Tuesday, December 12, 2017

Sexual Harassment - The New Environment And The Alaska Legislature

Today I got an email with a statement by Alaska State Senator Berta Garner about an investigation into a sexual harassment of State Senator David Wilson.  Senator Berta Gardner is my state Senator.  She's smart, warm, and not prone to speak without doing her homework.

I must admit that this is the first I've heard about this.  I'll plead Anchorage International Film Festival as my alibi for missing this last week.  Here are some earlier reports on the incident:

APRN piece dated Dec. 7, 2017.

KTUU report dated this afternoon.  It includes video of Sen. Wilson's statement, in which he asks for the Legislative Agency report be released along with the video, which is below. (I can't get the video to embed right, something's wrong with the code, so go to the KTUU link.  It's just blank on Safari and on Firefox there's a message saying the KTUU link is insecure.  I'm just deleting the embed code. Sorry.)

Here's Senator Gardner's response to the Legislative Report.

Senator Gardner Responds to Legislative Report on Behavior of Senator Wilson
ANCHORAGE - Today, Senate Minority Leader and member of the Senate Rules Committee Berta Gardner gave the following statement in response to a vote taken to release a report from the Legislative Affairs Agency on the professional conduct of Senator David Wilson and his interaction with a legislative staffer. The members of the committee voted unanimously to release the content of the report, with the support of the staffer involved in the incident.
“Senator Wilson took out his cellphone, placed it down at the level of the hem of her skirt from a foot away for four seconds, saying he was going to record a closed meeting of House leadership. This behavior is consistent with what the staffer reported at the time. Such behavior is clearly intrusive, intimidating, and inappropriate to the staffer. It is also grossly unprofessional and unethical behavior from anyone, let alone a sitting member of the Senate.
“Coupled with the fact that Senator Wilson slapped a political reporter across the face in the Capitol building a short time before this incident, it demonstrates a disturbing pattern of poor judgement, bullying, and aggressive behavior. Senator Wilson should acknowledge his bad behavior, and apologize immediately to both the reporter and the staffer, taking full responsibility for his actions.”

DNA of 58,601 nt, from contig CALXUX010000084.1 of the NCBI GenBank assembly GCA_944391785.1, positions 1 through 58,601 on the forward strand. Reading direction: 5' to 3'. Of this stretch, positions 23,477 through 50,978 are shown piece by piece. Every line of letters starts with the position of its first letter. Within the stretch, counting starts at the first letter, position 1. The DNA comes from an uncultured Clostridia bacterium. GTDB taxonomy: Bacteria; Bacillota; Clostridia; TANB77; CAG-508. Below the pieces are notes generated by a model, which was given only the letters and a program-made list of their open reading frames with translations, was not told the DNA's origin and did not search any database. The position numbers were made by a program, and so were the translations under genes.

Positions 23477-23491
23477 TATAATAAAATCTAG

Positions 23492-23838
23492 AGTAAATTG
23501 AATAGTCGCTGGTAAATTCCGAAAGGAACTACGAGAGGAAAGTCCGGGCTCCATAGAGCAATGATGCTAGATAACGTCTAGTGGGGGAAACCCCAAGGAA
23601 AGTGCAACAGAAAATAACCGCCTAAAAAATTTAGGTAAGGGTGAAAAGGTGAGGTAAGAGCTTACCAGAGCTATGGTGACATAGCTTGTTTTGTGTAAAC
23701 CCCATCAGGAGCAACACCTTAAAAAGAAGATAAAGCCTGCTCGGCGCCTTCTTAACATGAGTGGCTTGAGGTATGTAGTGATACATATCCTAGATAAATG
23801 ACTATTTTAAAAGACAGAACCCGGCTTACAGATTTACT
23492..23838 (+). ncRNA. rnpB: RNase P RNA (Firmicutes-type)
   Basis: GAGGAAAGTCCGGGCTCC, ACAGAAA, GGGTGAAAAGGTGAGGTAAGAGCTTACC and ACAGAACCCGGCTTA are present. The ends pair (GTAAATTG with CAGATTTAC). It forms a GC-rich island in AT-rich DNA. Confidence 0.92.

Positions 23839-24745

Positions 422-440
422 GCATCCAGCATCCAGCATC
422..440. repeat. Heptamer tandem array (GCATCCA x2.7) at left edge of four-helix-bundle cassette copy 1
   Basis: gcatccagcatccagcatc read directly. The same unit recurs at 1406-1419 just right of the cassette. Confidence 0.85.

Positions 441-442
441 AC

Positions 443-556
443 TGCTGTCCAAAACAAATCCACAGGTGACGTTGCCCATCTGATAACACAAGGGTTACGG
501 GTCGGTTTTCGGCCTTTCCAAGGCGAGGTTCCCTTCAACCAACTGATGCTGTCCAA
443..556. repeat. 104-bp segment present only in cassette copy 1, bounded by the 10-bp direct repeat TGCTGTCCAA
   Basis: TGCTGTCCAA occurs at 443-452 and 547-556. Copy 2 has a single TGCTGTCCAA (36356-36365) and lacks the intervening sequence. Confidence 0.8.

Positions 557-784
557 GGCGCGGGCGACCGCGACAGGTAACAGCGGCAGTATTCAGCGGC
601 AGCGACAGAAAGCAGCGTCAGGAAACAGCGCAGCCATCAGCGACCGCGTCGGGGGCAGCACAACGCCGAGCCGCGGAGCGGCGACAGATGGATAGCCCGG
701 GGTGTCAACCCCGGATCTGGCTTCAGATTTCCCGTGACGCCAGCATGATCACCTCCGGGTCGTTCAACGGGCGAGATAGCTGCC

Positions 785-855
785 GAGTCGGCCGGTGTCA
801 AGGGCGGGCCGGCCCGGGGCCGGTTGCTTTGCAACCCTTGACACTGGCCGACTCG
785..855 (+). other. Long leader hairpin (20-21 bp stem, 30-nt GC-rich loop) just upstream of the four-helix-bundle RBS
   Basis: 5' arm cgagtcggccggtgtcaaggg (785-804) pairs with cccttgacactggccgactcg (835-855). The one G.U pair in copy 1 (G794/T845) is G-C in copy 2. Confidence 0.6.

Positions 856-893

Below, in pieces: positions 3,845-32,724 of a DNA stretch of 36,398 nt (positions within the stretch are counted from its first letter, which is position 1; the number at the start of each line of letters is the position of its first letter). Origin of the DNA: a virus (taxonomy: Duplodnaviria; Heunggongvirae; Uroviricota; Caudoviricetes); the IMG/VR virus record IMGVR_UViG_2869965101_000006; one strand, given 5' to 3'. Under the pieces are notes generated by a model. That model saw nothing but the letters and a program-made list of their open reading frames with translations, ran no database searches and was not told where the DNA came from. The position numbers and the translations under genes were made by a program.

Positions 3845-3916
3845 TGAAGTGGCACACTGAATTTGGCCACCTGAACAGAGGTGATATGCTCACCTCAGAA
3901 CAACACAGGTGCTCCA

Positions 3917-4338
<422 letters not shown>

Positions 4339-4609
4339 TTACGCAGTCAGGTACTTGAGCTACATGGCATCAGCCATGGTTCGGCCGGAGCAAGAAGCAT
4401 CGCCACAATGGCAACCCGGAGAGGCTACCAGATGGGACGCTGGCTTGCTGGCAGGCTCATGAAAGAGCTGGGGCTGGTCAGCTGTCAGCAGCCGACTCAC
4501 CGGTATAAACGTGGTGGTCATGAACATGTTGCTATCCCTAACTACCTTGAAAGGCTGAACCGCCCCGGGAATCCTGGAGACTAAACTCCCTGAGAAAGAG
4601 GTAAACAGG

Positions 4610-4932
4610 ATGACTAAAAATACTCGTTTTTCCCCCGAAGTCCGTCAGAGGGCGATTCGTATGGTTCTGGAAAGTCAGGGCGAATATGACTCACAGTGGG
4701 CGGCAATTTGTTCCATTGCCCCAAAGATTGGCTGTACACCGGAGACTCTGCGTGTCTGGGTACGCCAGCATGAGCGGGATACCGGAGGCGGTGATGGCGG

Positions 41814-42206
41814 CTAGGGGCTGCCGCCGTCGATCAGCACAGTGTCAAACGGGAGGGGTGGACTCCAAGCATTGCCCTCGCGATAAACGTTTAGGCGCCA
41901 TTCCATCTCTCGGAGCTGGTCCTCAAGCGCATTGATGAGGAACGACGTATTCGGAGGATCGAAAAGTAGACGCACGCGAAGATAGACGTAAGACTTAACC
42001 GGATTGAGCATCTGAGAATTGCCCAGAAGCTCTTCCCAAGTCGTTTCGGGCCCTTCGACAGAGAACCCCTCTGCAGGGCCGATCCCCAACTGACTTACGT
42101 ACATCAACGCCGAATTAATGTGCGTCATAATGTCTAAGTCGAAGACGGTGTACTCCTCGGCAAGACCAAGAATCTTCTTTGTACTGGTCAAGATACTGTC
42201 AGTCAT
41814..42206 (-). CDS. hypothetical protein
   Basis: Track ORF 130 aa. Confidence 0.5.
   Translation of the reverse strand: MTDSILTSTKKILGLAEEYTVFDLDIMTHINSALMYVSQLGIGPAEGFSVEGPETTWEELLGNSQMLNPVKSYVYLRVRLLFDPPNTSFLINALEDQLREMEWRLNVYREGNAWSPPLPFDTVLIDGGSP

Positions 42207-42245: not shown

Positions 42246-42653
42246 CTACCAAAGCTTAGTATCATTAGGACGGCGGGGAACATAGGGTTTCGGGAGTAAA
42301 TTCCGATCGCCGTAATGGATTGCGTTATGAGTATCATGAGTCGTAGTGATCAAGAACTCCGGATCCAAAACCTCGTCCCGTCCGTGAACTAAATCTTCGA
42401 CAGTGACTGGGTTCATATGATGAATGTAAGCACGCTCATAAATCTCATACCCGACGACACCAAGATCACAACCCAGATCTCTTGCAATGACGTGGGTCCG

Members of the press with questions may contact the Alaska Senate Democratic Press Secretary, Jeanne Devon, at 907-269-0129.

Senator Wilson argues that he's been exonerated.  I found a copy of the report at MidnightSun in a form that I can't seem to embed here.  You can see it at the Midnight Sun.  Here's a screenshot of the factual findings.

The report, by Skiff Lobaugh of the Legislative Affairs Agency - a pretty objective body does that analysis for legislators - goes on to look at the federal workplace harassment law and then matches the incident to the law.  It doesn't at all match the quid pro quo definition of harassment.  The second form requires a 'hostile work environment" which looks at

  1. frequency,
  2. severity, 
  3. whether it interferes with the employee's ability to her work, and
  4. whether it affects the employee's well being
Lobaugh noted that there was just one incident reported, that his intention was ambiguous - it seemed he was jokingly trying to record a behind closed doors meeting that the employee had been assigned to keep people out.   It did, he found, affect the employee's well being in the short run, but not in the long run.

He did acknowledge the unequal balance of power between an elected official and a legislator staffer who can be fired without cause.  

I'd note that while the employee discussed the incident at the time with others, including legislators, she never filed a complaint.  The staffer, on hearing various reports on the incident, requested a clarification from Leg Legal (the legal advisors to the legislature) about whether he was required to investigate since there are punishments for people who know but don't report, and was told he should.

We're in new territory here as long term social norms are getting reevaluated.  I think many of us tend to get defensive when accused of something we believe we didn't do.  My experience is we get worse if we actually did it.  I don't see how lowering a cell phone to hem level of a staffer's skirt is necessary to try to record a meeting behind the staffer and behind a door.  Playfulness only works between people who know each other well and/or are relatively equal in power.

Sen. Gardner's memo raises the issue of this incident happening about the same time as Sen. Wilson was reported as slapping a journalist, which is clearly out of line.  (The journalist didn't press charges.)

I find it interesting that the first two accusations we've heard of sexual harassment of Alaska state legislators in the post Weinstein era have been against a first term Alaska Native and a first term African-American.  Is this a coincidence?  The vast majority of legislators are white.  There is only one African-American in the legislature and a handful of Alaska Natives out of a total of 60 in both houses.

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